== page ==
Dirr has put together a first-class A to Z guide of the best woody plants for cooler climates, particularly for gardeners in hardiness zones 3 to 7. The book contains copious information on the flowers, fruit, bark, fall color, habit, etc., of more than 500 species and 700 cultivars. A straight shooter, Dirr is generous with his praise for deserving trees and shrubs such as the sugar maple, “The true nobility of fall-coloring trees - challenged by many, rivalled by none,” but he can also be frank with his scorn for those that don’t live up to expectations, “In all my traveling and consulting work, I have never recommended, at least when conscious, a poplar.”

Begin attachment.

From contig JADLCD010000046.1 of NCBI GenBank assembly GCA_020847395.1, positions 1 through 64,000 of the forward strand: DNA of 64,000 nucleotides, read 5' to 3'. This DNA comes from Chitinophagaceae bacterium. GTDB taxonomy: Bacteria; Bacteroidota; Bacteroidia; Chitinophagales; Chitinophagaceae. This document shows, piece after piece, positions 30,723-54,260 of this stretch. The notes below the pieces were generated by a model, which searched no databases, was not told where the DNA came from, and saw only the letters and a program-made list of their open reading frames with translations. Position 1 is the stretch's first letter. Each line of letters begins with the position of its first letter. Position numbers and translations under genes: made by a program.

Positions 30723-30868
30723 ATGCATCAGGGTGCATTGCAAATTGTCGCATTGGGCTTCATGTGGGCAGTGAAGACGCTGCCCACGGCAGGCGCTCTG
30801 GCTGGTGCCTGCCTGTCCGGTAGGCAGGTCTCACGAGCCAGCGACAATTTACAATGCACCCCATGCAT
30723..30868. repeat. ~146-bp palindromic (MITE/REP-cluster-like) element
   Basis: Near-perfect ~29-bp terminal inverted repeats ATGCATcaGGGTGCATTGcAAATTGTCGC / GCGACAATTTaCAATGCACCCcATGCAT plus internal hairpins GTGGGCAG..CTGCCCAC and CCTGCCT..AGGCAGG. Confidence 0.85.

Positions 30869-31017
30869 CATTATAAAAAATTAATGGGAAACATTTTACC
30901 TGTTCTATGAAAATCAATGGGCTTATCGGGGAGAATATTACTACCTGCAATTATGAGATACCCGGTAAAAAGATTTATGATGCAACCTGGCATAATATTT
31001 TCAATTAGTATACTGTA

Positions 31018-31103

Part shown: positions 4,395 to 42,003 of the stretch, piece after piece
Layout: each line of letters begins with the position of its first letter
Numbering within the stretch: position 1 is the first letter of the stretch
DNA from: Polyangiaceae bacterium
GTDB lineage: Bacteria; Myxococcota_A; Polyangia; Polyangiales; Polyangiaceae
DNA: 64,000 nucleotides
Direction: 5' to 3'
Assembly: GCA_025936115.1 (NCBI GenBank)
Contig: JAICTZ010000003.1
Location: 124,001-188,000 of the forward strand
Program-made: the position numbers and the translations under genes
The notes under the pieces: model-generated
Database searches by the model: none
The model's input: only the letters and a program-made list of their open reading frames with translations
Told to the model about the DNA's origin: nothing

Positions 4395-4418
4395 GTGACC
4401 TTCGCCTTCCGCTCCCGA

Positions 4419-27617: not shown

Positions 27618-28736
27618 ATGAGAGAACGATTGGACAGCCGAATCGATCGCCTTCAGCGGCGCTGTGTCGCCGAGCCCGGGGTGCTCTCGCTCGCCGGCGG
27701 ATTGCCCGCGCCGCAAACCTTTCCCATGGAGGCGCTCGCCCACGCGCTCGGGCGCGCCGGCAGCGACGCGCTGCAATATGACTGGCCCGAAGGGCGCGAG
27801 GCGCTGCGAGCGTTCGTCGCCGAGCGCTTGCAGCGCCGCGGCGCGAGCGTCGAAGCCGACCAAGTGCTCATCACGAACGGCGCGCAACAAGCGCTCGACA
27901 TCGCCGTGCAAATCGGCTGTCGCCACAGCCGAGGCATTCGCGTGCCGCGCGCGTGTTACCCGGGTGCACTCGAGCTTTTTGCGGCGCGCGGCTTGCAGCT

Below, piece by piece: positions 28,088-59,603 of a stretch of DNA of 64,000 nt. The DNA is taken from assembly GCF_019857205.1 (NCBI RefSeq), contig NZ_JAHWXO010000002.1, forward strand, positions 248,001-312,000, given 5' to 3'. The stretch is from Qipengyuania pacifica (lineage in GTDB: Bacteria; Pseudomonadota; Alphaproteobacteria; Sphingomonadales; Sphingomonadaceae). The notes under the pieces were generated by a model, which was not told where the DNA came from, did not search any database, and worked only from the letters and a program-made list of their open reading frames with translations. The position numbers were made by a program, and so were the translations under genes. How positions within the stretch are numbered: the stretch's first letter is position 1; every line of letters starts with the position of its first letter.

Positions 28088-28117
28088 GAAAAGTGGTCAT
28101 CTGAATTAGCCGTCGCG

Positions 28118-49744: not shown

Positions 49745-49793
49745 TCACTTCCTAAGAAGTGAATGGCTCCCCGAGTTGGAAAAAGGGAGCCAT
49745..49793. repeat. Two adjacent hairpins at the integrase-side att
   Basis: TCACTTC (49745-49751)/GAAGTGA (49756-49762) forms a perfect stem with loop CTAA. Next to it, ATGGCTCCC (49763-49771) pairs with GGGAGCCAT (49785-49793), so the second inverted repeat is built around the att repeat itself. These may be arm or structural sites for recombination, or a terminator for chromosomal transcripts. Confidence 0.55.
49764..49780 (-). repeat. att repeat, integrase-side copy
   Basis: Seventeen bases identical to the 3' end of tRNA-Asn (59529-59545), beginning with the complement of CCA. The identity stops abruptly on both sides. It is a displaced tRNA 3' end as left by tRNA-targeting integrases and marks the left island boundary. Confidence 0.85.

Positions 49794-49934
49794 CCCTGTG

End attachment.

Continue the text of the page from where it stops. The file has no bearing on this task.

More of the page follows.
Dirr’s Hardy Trees and Shrubs has excellent photographs showing the size and shape of the mature tree or shrub, as well as close-ups of the leaf, bark, and fruit. Each plant has the botanical name, common name, description and many candid comments, such as for the Italian Alder, “Deserves a longer look by American gardeners.”
Numerous lists in the back of the book cross-reference trees and shrubs by both their botanical and common name for easy perusal to find the right plants for a variety of conditions or with a particular characteristic.